One year later, they unveiled their final results, also in Lancet, and they were just as amazing. The vaccine has been tested in Guinea and Sierra Leone in nearly 12,000 people. Among the 5,837 people who received the vaccine, no Ebola cases were registered. In comparison, there were 23 cases in the control group who did not receive the vaccine.
"This study, which confirms the 100% efficacy of the rVSV-Ebola vaccine, is an amazing achievement," Jeremy Farrar, director of the Wellcome Trust, said at the time the results came out. "We have shown that by working across international borders and across sectors, we can quickly develop and test vaccines and use them to end epidemics."
The surge of interest in Ebola has prompted the development of a new organization called CEPI, the Coalition for Epidemic Preparedness Innovations. The company is funded by the UK's Wellcome Trust, the Bill & Melinda Gates Foundation and the governments of Germany, Japan and Norway with nearly half a billion dollars and focuses on providing vaccines for the next pandemic.
CEPI has worked with Merck to bring the Ebola vaccine through clinical trials, although it is still not commercially available. In 2016, the public-private vaccines partnership paid GAVI Merck to store doses of the vaccine and also helped Merck's regulatory efforts to collect more data on the vaccine and have it approved.
So far, health officials have not been able to deliver the vaccine fast enough at the onset of an outbreak. Only last year, an outbreak of Ebola in the DRC ended before the vaccine had to be administered.
The use of the vaccine could make this outbreak historic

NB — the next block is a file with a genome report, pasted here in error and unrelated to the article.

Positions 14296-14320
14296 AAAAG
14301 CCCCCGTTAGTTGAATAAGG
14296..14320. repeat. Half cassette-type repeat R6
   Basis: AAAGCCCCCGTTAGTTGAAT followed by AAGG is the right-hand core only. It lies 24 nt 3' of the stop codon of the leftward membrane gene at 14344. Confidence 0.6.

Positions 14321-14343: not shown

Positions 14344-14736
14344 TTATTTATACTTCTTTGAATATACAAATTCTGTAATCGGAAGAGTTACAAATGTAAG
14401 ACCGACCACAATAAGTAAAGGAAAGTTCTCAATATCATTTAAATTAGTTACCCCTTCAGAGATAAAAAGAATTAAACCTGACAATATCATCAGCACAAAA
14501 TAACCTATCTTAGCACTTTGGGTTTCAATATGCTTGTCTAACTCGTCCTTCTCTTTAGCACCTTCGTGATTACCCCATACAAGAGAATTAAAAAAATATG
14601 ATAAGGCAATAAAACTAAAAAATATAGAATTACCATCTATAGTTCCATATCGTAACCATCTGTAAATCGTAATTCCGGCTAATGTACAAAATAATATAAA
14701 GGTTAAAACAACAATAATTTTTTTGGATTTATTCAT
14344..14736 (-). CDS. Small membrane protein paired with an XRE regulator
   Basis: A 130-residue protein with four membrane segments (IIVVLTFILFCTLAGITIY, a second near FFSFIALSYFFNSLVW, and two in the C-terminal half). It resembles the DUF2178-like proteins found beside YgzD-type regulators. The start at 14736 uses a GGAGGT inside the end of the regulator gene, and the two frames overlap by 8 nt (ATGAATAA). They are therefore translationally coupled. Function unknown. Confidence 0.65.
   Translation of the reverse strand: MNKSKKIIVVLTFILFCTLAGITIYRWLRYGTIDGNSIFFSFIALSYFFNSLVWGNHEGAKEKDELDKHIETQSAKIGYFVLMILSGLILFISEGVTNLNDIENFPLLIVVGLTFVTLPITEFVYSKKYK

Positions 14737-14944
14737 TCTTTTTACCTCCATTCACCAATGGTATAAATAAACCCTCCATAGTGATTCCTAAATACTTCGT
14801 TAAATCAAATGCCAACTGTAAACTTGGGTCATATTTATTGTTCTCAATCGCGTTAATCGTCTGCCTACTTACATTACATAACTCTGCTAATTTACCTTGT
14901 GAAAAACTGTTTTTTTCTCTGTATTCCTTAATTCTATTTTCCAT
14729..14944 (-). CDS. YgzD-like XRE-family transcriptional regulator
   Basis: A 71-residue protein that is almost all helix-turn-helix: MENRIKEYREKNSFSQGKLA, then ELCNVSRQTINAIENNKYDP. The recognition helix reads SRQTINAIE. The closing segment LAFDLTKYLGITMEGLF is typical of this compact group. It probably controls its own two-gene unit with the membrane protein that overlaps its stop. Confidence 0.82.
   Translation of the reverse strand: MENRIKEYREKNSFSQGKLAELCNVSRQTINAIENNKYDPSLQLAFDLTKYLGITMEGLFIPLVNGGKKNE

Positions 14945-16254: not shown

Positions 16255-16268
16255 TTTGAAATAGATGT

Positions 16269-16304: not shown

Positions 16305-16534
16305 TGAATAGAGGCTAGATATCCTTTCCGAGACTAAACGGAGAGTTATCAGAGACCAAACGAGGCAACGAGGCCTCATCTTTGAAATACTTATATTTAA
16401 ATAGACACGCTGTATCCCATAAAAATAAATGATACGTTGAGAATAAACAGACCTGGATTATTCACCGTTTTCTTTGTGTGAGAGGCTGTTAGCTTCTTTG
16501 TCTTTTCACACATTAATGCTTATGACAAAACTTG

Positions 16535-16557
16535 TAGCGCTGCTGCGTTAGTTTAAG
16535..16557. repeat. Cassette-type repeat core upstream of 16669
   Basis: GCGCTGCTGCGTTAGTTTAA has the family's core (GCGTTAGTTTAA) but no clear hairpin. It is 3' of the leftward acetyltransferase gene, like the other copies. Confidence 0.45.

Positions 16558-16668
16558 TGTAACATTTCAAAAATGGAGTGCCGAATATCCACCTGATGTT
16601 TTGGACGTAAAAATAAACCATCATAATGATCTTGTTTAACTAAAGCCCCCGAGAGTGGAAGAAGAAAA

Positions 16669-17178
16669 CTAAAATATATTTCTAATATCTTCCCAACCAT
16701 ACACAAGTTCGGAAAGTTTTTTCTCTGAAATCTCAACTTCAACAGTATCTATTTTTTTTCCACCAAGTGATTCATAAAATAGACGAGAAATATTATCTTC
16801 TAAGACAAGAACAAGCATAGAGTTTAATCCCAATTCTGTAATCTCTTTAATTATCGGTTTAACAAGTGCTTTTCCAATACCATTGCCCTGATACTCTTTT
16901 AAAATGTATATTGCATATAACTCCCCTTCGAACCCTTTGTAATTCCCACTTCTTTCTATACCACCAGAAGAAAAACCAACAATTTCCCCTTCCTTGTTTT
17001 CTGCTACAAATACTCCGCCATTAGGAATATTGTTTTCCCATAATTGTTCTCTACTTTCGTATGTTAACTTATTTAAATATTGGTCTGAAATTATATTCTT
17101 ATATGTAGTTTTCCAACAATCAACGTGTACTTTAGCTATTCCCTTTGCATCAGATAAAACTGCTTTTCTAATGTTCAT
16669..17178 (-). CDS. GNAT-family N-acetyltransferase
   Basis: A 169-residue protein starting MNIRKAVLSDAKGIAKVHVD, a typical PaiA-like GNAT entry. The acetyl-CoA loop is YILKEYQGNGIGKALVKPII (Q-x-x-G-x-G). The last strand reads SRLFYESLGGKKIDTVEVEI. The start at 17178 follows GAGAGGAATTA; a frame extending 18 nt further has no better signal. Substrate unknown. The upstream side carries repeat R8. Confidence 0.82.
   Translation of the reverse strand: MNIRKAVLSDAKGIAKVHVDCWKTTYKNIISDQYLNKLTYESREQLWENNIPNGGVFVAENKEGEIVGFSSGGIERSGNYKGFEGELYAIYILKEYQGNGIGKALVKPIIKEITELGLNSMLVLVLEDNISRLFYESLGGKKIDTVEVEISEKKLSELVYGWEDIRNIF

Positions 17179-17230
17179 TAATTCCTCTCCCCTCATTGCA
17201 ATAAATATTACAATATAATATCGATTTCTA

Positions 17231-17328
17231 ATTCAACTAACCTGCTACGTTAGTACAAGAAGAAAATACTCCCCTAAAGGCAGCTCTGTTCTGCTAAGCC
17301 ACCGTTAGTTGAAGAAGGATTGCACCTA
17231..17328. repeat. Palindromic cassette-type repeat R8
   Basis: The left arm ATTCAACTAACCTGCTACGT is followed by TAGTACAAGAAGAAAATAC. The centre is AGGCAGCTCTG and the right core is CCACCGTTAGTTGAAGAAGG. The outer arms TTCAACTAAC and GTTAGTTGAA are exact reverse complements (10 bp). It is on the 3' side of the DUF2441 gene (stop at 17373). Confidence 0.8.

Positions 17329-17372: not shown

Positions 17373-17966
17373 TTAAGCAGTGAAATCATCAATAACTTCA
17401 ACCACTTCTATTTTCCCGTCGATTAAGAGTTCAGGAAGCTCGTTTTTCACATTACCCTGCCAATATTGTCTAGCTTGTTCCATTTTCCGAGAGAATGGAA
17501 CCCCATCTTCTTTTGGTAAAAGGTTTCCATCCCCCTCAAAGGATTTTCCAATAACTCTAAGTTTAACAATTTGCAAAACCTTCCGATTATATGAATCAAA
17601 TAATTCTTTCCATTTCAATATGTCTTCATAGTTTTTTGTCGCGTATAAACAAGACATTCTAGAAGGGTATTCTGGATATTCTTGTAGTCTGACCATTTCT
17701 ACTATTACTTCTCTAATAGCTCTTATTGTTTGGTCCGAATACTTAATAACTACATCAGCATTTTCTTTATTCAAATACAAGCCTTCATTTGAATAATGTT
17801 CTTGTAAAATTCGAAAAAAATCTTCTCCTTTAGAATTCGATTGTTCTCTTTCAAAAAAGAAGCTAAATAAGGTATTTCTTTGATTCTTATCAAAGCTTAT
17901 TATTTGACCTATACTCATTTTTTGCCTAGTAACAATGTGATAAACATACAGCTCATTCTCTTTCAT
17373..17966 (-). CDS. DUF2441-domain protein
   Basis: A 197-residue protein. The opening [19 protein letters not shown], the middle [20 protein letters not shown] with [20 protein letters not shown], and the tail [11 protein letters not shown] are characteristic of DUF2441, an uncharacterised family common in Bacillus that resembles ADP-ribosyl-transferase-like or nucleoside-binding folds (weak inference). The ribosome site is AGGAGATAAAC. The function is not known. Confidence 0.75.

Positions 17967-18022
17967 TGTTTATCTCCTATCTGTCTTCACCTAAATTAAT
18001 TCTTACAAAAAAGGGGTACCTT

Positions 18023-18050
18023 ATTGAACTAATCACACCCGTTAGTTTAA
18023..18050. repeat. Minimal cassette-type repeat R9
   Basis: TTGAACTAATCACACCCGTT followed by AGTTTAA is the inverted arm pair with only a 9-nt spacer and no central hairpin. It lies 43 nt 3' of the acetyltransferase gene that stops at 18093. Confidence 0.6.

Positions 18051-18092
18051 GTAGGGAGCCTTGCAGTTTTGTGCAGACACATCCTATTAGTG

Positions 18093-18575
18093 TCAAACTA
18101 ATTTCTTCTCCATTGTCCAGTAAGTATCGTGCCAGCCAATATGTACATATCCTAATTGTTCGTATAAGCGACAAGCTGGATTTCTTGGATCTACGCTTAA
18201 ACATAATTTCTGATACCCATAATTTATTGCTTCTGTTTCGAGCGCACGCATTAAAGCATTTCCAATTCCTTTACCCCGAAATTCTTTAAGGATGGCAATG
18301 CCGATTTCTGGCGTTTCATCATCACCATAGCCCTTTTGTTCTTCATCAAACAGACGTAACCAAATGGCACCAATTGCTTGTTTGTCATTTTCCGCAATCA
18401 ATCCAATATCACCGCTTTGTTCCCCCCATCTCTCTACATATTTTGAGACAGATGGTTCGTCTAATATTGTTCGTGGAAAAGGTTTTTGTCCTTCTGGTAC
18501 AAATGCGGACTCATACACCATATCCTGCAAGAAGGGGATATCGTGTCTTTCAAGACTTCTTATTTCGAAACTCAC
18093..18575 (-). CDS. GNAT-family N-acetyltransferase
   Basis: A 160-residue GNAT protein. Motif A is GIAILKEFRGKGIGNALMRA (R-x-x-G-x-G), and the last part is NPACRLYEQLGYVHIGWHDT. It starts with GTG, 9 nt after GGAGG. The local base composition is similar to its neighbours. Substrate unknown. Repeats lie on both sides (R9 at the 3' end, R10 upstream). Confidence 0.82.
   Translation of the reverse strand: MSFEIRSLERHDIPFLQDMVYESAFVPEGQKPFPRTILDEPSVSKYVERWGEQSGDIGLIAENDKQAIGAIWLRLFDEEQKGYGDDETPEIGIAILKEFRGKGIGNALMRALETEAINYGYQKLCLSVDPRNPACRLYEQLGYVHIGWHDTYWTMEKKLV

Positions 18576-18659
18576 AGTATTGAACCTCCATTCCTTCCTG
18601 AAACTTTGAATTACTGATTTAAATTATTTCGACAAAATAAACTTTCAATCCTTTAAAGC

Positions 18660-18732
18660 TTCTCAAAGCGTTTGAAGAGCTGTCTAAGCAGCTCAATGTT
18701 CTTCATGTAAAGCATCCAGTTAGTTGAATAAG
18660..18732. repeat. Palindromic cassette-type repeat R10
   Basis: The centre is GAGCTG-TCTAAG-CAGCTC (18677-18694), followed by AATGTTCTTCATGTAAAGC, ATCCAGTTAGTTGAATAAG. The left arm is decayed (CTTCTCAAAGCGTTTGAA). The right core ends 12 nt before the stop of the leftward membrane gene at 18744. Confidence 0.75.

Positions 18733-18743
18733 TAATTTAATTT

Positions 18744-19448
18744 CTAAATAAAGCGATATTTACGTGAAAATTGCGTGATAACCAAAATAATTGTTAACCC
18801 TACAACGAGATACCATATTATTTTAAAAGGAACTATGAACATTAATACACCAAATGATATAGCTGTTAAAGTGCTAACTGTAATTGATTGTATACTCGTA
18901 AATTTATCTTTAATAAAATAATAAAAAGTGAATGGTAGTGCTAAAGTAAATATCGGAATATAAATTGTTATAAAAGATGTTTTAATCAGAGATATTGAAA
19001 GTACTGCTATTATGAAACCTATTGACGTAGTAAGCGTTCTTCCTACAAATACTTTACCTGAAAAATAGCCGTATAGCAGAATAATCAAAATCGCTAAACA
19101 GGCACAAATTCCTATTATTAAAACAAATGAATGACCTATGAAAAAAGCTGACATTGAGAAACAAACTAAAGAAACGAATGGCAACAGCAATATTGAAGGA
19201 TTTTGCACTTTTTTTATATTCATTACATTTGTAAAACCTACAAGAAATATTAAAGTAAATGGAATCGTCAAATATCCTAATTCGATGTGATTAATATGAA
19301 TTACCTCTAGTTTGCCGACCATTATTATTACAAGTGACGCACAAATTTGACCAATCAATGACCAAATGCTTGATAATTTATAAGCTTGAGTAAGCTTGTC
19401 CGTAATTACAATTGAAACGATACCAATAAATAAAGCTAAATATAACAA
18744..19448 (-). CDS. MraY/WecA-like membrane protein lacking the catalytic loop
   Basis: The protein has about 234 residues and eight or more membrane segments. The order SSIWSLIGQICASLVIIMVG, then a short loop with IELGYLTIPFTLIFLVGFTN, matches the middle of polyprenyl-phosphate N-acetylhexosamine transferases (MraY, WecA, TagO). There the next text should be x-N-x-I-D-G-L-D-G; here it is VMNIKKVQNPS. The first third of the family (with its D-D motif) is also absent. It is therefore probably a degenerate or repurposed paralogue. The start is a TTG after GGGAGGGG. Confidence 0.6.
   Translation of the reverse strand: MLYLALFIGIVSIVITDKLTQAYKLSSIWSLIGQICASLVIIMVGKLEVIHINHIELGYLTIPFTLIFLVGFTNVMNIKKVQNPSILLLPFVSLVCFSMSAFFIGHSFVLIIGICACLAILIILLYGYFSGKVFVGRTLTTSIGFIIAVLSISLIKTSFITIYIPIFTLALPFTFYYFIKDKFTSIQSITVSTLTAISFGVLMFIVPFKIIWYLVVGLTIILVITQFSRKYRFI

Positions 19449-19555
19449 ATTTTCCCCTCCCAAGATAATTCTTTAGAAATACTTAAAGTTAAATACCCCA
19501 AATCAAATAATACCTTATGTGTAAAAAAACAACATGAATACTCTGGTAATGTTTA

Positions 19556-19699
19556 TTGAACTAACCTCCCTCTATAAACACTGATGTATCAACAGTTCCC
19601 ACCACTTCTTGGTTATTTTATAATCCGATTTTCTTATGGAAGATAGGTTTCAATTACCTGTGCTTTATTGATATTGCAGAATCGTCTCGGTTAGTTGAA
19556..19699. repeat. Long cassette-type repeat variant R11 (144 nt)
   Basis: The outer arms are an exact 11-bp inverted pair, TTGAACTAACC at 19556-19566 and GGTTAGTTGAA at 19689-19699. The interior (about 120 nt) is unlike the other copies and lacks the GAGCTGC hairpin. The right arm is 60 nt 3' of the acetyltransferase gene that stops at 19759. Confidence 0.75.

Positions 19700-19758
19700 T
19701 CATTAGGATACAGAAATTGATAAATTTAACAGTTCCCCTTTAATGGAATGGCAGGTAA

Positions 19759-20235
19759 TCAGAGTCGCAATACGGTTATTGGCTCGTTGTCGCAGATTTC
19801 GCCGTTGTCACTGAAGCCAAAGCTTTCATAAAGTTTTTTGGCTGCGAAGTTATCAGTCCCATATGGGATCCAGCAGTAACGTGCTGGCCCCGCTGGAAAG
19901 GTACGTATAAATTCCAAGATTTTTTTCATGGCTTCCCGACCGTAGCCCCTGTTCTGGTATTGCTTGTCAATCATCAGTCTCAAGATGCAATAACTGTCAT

This year is different. At the request of the DRC government, the vaccine is being field-tested for the first time at the epicenter of the outbreak in Bikoro, in the northwestern province of Ecuador.
Bikoro is located in a very remote area of a country with poor road infrastructure, but it is located on a lake that connects the busy Congo and Ubangi rivers. People infected with Ebola travel to big cities like the capital Kinshasa or near Brazzaville – a potential public health nightmare that officials are trying to prevent quickly.
Last year, the DRC government approved a clinical trial protocol for the vaccine, according to Science Co's Jon Cohen. Since the vaccine is still considered experimental, it will be distributed to volunteers for "compassionate use."
Médecins Sans Frontières, WHO and the DRC Ministry of Health will work together to administer the vaccines. (And also keep the vaccines stored at cold temperatures – minus 76 to minus 112 Fahrenheit – which protect their effectiveness.)
"This is not a simple logistical effort," said Peter Salama, WHO's Health Emergencies Program a news conference last week. "It's not like we're having a polio campaign with oral polio vaccines where we're going to put it into action right now, a highly complex, sophisticated operation in one of the world's toughest areas."
One of the most intriguing Properties of the vaccine – aside from its apparent safety and efficacy – is the way it is used. Health officials will use a so-called "ring vaccine", a public health method used to eradicate smallpox in the 1970s. It involves immunizing the immediate contacts – friends, family, roommates, neighbors – a person who suffers from a virus to create a protective ring around them to stop the transmission.
Once a new Ebola case is diagnosed, health workers will track the person's contacts and then vaccinate them to prevent anyone else from getting sick. They are monitored for 84 days, the WHO says, to see if Ebola or any side effects develop. So, this new technology will be used alongside the public health of the old school
Even if the outbreak of the DRC remains small – and hopefully does – it could be historical.